Grapes of Wrath

grapes of wrath, depression family

It has amazed me the sheer volume of preparedness advertisements currently out there. On the way home from a trip, I heard commercial after commercial for buying food storage, enticements for gun ownership and acquiring gold and precious metal for protection from the coming economic storm. I do have to say it can wear on me and test my heart, exposing an old fear of mine. I call it: Oh my God, it’s the Grapes of Wrath!

Grapes of WrathGrapes of Wrath

When I was little, I watched the movie Grapes of Wrath  with Henry Fonda. To say the least, it disturbed me. It hit on several points of fear in my heart, which I won’t go into, but as I reflect this morning on the commercials, I wanted to share something with you.

The Grapes of Wrath movie was based on a book, written in 1939 by John Steinbeck. It tells of the hardships experienced by the common man during the Great Depression. It is full of devastation, despair and hopelessness – conditions which are not permanently rooted in those who truly look to God. It is not that I believe tragedy can’t befall servants of the Lord, but the hopelessness, often elevated by Hollywood and the sensationalists (both religious and secular), does not reside in the man whose hope is GOD.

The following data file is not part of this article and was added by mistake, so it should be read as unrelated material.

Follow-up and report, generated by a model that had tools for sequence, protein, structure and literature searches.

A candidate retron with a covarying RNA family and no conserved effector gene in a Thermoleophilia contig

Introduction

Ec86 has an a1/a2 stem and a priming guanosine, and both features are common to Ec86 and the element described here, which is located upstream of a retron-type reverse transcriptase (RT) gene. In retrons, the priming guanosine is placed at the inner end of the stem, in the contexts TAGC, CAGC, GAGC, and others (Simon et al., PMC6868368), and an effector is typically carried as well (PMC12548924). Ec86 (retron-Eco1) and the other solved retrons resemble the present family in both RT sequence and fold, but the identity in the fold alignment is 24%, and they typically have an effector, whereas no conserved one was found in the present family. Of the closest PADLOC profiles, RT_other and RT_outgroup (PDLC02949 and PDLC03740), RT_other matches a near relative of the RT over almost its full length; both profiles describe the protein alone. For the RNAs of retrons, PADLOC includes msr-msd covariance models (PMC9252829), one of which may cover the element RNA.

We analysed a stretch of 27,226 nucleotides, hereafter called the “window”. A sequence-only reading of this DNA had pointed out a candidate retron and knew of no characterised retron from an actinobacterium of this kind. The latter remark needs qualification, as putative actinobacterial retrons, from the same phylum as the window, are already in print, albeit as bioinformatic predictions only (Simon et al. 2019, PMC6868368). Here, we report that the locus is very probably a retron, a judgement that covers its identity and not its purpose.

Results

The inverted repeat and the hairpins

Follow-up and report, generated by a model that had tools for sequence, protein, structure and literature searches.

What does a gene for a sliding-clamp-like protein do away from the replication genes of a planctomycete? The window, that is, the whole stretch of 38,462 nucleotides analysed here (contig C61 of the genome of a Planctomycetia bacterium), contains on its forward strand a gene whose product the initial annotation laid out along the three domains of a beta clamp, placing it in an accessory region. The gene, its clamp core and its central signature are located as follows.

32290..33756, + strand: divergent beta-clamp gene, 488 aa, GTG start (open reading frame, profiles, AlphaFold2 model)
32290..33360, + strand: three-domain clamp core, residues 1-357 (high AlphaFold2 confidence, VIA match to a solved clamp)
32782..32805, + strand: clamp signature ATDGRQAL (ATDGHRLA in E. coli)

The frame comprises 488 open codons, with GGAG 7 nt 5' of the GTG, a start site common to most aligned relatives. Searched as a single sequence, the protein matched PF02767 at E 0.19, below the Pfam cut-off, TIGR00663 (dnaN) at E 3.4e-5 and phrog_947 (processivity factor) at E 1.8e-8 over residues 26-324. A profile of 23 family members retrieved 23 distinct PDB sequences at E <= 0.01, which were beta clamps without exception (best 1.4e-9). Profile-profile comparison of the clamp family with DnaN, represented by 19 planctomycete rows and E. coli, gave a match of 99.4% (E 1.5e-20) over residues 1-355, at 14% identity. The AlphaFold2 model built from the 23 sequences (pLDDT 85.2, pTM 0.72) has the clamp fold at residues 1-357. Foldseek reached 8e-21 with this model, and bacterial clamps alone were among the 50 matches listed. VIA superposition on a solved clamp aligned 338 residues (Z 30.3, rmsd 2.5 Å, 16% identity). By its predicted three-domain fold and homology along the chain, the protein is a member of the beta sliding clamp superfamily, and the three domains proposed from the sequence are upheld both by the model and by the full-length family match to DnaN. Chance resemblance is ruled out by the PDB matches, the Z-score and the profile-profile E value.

The protagonist in the story ends up becoming a social activist for the downtrodden (surely a “Never Again” statement), and the only representative of God is a preacher who, having lost his call and faith, eventually dies at the hands of an authority. Although the movie, over the book, leaves you on bit of a higher note – “We will survive!” – the real message is that if you don’t take your destiny by the nose and lead it where you want to go, you will ultimately be shortchanged by God.

Now the Lord Jesus says in Matthew 8,

“Foxes have dens to live in, and birds have nests,
but the Son of Man has no place even to lay his head.”

This He spoke to a would-be disciple with grand intentions.“Teacher, I will follow You wherever You go.” The implication of the Lord’s dialog here is: “If you wish to follow me, I will have to be your security.” This statement is not for the faint of heart. No guarantee of a 401(k) here. The Lord Himself is your assurance and insurance, regardless of whether He provides a fixed retirement plan.

He has the right to take you wherever He wishes to go. My hope rests in the fact that He is my Shelter. If His presence is my desire, then I will be at home wherever I am and in whatever situation He leads me into.

Martha said to me one morning at prayer, “The one who gives the Lord a home will have a home. Intimacy is your only hope and only need in a time of decline.“ Thank you, Lord!

*Formally “Git yer gun, Meemaw!” now titled Grapes of Wrath.

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    1 Comment

    • Dennis Huxley

      “In Jehovah do I take refuge; How say ye to my soul, flee as a bird to your mountain”. Ps. 11:1. Good word, John, thanks. I believe Isaiah 26 to be very applicable to our time.

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